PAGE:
Uluru- Ayers Rock, The Red Center Australia

Our flight took us to Alice Springs, the ‘heart’ of the Red Center.  We picked up a much newer RV, some groceries and headed out of town. Our driving directions were, turn Right towards Adelaide, located at the bottom of Australia, then turn right again to Uluru.  They weren’t kidding – you really can’t get lost if you stay on the paved roads.  

After the winding and twisting roads of New Zealand where it felt like a giant had squished the roads together, the roads in Australia seemed almost boring they were so straight! We drove 280 the first day stopping in Erldunda – the “Center of the Center.”  

There have been many attempts to determine the exact center of Australia: measuring 2600 points around the coast at high tide and measuring inwards, a gravitational study, a compass rose intersection among others, and all the ‘centers’ are located within 100K of Erldunda.  

We won’t be making it to the northernmost and southernmost points in Australia, so for this continent, the center will have to do!     The whole time we were in Melbourne, I really didn’t feel that I was in Australia.  It was a big city with a grungy, sort of downer feel to it, and tons of smokers!

So here we are out in the middle of the Australian continent, heading to a rock I've been looking at on the cover of a favorite CD for about 20 years.  During my massage career, I collected all of Tony O'Connors music, my favorite being Uluru.  This was a must destination for me and Tom and Dad were willing to go see it.
This was listed as a traditional meeting place.  It's shady area gave respite from the summer sun.
Now, about Uluru. Originally named Ayers Rock, it was given back it’s Aboriginal name of Uluru in 1993. It is  one of Australia's most recognizable natural landmarks. The sandstone formation stands 348 m (1,142 ft) high, rising 863 m (2,831 ft) above sea level with most of its bulk lying underground, and has a total circumference of 9.4 km (5.8 mi).Uluru is an inselburg- an island mountain, and is all that's left of a mountain range that eroded away. One drives along, and along, and along a fairly flat plain for hundreds of kilometers ( 480 from Alice Springs) and suddenly, there it is!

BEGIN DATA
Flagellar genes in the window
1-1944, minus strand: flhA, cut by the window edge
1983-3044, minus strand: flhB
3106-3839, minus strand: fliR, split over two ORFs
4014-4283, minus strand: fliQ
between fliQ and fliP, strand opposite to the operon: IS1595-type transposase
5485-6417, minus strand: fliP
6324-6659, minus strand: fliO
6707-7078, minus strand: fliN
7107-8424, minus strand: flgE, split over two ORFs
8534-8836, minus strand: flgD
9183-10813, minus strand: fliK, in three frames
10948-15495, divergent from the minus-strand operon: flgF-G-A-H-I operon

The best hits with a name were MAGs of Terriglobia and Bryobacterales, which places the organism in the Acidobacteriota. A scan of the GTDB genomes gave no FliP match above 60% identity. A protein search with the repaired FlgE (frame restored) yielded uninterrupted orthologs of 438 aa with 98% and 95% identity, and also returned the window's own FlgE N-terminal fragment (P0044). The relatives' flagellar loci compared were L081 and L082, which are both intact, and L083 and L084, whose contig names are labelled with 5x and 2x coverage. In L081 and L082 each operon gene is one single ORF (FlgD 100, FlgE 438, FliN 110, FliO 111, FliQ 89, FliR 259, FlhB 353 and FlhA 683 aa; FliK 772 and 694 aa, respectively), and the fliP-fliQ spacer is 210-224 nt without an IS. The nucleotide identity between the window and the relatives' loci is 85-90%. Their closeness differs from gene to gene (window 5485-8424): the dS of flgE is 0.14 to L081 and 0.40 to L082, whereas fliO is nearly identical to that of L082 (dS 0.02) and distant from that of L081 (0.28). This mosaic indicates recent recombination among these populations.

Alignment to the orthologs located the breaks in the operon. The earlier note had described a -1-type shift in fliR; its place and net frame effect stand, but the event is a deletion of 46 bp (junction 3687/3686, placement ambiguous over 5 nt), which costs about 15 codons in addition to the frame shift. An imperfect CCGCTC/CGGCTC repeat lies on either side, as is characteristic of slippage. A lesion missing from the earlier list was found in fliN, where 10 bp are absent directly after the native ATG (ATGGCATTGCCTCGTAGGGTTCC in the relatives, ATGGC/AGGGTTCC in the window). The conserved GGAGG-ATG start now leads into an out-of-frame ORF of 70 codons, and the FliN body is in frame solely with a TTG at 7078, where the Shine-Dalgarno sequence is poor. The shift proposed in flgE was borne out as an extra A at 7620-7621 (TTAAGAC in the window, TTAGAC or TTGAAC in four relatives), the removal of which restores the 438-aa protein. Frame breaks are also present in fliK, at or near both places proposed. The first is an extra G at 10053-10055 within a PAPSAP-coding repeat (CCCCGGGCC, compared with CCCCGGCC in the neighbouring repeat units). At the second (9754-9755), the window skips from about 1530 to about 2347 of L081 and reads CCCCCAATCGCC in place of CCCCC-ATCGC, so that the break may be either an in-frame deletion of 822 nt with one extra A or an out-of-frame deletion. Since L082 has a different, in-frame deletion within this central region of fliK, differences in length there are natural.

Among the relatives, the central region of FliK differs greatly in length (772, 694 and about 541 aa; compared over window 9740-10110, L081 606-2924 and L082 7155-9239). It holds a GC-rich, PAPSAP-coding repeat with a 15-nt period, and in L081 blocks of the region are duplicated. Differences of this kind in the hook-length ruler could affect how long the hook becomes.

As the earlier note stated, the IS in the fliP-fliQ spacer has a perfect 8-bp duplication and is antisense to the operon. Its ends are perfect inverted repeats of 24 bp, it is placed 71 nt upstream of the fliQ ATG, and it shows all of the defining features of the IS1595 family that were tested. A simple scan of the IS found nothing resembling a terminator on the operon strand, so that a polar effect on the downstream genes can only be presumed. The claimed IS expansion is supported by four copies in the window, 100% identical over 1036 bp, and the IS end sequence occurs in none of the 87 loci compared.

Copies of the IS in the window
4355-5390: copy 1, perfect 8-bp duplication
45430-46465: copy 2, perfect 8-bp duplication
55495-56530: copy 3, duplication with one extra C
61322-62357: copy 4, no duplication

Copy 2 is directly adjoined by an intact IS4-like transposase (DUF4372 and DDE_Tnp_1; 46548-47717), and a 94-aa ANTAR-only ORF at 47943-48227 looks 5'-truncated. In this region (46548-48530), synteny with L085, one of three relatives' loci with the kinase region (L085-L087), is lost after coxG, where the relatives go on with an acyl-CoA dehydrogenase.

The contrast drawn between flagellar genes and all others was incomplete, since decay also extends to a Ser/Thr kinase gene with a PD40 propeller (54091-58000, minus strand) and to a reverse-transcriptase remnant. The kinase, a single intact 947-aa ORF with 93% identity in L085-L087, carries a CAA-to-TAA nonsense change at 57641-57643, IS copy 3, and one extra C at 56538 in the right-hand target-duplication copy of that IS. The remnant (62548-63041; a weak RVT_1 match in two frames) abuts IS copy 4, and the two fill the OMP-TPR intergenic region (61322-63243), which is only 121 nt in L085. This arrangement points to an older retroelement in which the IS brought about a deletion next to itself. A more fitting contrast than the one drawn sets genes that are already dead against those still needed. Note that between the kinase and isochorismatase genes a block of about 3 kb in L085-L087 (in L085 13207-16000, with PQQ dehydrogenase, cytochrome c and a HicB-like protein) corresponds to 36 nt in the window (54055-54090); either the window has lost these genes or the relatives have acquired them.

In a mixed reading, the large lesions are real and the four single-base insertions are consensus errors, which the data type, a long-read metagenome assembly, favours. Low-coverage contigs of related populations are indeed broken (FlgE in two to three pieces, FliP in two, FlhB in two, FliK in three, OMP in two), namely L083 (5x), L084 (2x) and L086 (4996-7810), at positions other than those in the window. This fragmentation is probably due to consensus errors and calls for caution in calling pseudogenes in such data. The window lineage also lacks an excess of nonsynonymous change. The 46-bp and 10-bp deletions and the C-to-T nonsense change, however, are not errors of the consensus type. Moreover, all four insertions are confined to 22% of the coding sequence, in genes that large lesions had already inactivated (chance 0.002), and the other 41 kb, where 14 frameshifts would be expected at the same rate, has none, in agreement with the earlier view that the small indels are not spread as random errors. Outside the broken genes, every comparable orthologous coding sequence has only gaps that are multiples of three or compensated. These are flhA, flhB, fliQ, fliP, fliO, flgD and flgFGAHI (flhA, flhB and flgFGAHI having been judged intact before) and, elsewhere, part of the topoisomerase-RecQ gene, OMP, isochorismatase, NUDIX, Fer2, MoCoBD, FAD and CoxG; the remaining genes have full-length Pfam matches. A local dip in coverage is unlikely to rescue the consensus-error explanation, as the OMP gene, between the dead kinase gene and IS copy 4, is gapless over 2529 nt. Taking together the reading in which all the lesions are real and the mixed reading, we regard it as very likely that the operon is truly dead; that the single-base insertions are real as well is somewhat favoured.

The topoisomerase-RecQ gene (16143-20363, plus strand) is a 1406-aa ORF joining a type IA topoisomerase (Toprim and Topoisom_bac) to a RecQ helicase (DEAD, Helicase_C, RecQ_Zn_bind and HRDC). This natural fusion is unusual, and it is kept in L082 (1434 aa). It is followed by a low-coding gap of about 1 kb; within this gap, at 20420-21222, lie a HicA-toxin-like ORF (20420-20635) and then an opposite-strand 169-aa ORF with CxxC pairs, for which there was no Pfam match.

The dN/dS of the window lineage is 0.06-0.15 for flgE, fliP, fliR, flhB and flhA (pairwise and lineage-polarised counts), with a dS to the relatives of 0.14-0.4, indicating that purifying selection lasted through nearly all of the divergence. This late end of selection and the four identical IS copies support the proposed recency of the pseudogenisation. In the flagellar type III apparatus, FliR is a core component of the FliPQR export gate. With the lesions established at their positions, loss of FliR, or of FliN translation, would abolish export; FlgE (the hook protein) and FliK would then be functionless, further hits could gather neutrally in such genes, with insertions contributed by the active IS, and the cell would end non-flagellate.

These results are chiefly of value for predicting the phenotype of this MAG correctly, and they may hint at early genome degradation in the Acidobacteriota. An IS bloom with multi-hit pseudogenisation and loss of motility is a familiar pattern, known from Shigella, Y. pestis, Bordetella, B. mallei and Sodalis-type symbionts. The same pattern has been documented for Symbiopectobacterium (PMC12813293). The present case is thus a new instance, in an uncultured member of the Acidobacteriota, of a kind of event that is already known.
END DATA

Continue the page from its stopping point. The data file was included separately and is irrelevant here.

When we rounded the corner and there it was, I have to admit, I got a bit emotional about being here and seeing it in person.  My goal was to see it at sunrise and sunset, do a couple of walks and just spend some time with the rock.   As the entrance to the park says, “Touch the Silence”.

Uluru is a sacred site and they ask of the tourists not to climb it.  I had no desire to do so, and even if I did, I would respect their wishes.  
The traveling hats at Uluru!

It was disturbing to me how many people felt they had to climb, or wander off the tracks or do any number of other stupid things just because they felt it was their 'right' to do so.  I'm going to leave that topic alone, since I found the energy at Uluru to be refreshing and calming.......

This a waterhole... with water running down the rock...it hasn't rained in weeks, yet there is water here....?

We spent the afternoon exploring all around it and then found a spot to watch the sun set on the rock.
Lefty waits patiently... meditating in the silence.

The sun played in and around the clouds as we waited and watched.

Almost dark....
Sunset and full moonrise.

And the pink rain behind us!


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